EYE CANDY

In the Trump Era, Kara Walker’s Slavery Art Rises Again


For as long as Kara Walker has occupied the popular imagination — now 47, she became an art star in her late twenties — she has been synonymous with cut-out silhouettes enacting scenes of the antebellum South. But it took a recent fellowship in Rome for the artist to to see America as it is now — to absorb the hateful rhetoric of the Trump era, to observe the BLM movement boiling over. Her current exhibition of new work at the Cleveland Museum of Art, “The Ecstasy of St. Kara,” a series of forceful, oversized charcoal drawings, is an explosion of scale and detail that feels new to the artist. The violence of the slavery scenes — a black woman is chained by the neck and dragged by a white man — seem to echo the graphic depictions of martyrdom that Caravaggio placed all around Rome. St. Kara, indeed.

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Ari Marcopoulos

The artist Kara Walker with works in process, 2016. Courtesy Kara Walker.

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Monomentality, 2016. Kara Walker. © Kara Walker, courtesy of Sikkema Jenkins & Co., New York.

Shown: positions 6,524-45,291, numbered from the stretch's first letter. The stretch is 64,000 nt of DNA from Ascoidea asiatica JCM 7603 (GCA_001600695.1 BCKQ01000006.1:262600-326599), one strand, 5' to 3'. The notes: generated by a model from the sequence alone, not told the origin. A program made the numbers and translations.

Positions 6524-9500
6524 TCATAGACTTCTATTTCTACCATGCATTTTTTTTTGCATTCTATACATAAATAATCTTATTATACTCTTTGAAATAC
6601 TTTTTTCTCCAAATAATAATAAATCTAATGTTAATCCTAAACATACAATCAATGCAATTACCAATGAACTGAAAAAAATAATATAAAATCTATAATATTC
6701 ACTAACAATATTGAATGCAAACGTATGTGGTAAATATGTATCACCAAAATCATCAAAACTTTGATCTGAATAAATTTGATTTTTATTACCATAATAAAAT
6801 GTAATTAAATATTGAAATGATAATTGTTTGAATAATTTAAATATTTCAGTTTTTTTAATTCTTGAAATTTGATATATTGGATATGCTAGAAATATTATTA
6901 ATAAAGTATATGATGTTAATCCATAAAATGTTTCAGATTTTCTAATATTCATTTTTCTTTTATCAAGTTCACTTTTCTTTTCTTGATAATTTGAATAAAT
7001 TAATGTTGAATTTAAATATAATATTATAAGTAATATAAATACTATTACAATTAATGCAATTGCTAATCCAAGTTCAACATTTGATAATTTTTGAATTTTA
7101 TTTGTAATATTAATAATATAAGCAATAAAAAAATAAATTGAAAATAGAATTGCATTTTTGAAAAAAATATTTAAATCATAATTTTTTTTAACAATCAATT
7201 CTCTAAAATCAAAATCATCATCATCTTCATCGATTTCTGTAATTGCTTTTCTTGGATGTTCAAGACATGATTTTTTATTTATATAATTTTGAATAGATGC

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Jason Wyche

The Republic of New Afrika at a Crossroads, 2016. Courtesy of the artist and Sikkema Jenkins & Co. © Kara Walker.

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Submission, 2016. Kara Walker © Kara Walker, courtesy of Sikkema Jenkins & Co., New York.

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Easter Parade in the Old Country, 2016, Kara Walker. © Kara Walker, courtesy of Sikkema Jenkins & Co., New York.

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Ari Marcopoulos

The artist Kara Walker with works in process, 2016. Courtesy Kara Walker.